22. Risk: serious fire in the data centre, causing loss of datacentre IT services for an extended period.

    Risk treatments: avoid risks by taking care over the location and construction of the data centre, including any post-build modifications. Also avoid excessive storage of flammable materials including magnetic media (e.g. locate the media archive elsewhere on site). Physical security controls including fire alarms, extinguishers etc., coupled with fire evacuation procedures and training. Also insurance cover against fire damage. Also avoiding excessive reliance on the data centre through dual-siting of critical network devices and servers.

     

    23. Risk: corporate prosecution for copyright abuse.

    Risk treatments: avoid copyright abuse through using a centralised software and license inventory, regularly audited and reconciled both internally (e.g. actual number of installations <= licensed number) and against installed software on corporate IT systems (e.g. searching for additional software not listed in the inventory), coupled with various compliance measures, policies and procedures. Also restrict physical site access to authorized persons, limiting the potential for license snoopers ...

     

    24. Risk: unreliable commercial software causing Blue Screen Of Death at the worst possible moment.

    Risk treatments: specify and test security aspects in software procurement process. Maintain software. Accept the residual risk for Windows.

 

Implementation tip: You could set this up as a table or matrix, since many risks will require some combination of treatments and, in virtually all cases, “accept residual risk” is a necessary evil:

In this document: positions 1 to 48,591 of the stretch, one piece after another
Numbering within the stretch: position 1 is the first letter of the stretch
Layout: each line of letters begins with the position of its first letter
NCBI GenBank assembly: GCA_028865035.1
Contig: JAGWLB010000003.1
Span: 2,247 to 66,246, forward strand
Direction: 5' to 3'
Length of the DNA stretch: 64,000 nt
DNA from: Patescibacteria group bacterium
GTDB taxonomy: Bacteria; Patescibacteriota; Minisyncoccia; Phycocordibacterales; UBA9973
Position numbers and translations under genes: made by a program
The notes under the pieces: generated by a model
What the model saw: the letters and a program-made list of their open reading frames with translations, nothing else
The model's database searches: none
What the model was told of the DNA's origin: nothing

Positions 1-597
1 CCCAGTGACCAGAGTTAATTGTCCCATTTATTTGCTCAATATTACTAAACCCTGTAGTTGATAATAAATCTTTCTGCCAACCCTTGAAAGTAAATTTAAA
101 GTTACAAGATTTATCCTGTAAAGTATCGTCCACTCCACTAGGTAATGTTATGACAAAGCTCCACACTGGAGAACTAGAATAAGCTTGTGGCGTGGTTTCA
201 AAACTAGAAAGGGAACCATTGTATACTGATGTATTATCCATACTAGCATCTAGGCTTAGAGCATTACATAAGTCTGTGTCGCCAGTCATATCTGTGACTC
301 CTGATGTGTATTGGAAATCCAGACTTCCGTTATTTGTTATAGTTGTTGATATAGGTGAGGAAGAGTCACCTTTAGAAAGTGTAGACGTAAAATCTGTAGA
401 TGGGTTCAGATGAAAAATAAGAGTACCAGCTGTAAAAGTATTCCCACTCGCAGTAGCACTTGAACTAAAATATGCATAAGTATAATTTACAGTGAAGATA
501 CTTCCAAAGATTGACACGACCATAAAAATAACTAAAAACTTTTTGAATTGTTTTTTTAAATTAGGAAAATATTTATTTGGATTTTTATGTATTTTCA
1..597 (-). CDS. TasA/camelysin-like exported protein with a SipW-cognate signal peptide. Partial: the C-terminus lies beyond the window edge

Risk

Treatment

Reduce

Avoid

Accept

Transfer

1. Name or describe an information risk here (with reference to the output of your risk analysis and prioritization process)

Say how you plan to reduce or mitigate the risk through the implementation of suitable information security controls selected from ISO/IEC 27002 or elsewhere

Can you avoid the situation that creates the risk in some way e.g. by good design and pre-planning, or by not doing risky business processes?

If it is not cost effective to completely mitigate a risk, management should openly acknowledge the residual risk

Can you transfer some or all of the risk to a third party, for example an insurer or business partner?

2. Next risk ....

 

 

 

 

 

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FAQ: “What should we cover in our [information] security policy?”

 

A: It’s up to you - well, strictly speaking, it's up to your management. See ISO/IEC 27002 for a decent outline of what the policy should cover, as a minimum.

Policy pyramid 500Although your approach may well differ, my personal preference is the pyramid structure shown here, reflecting greater volumes and details in the lower levels.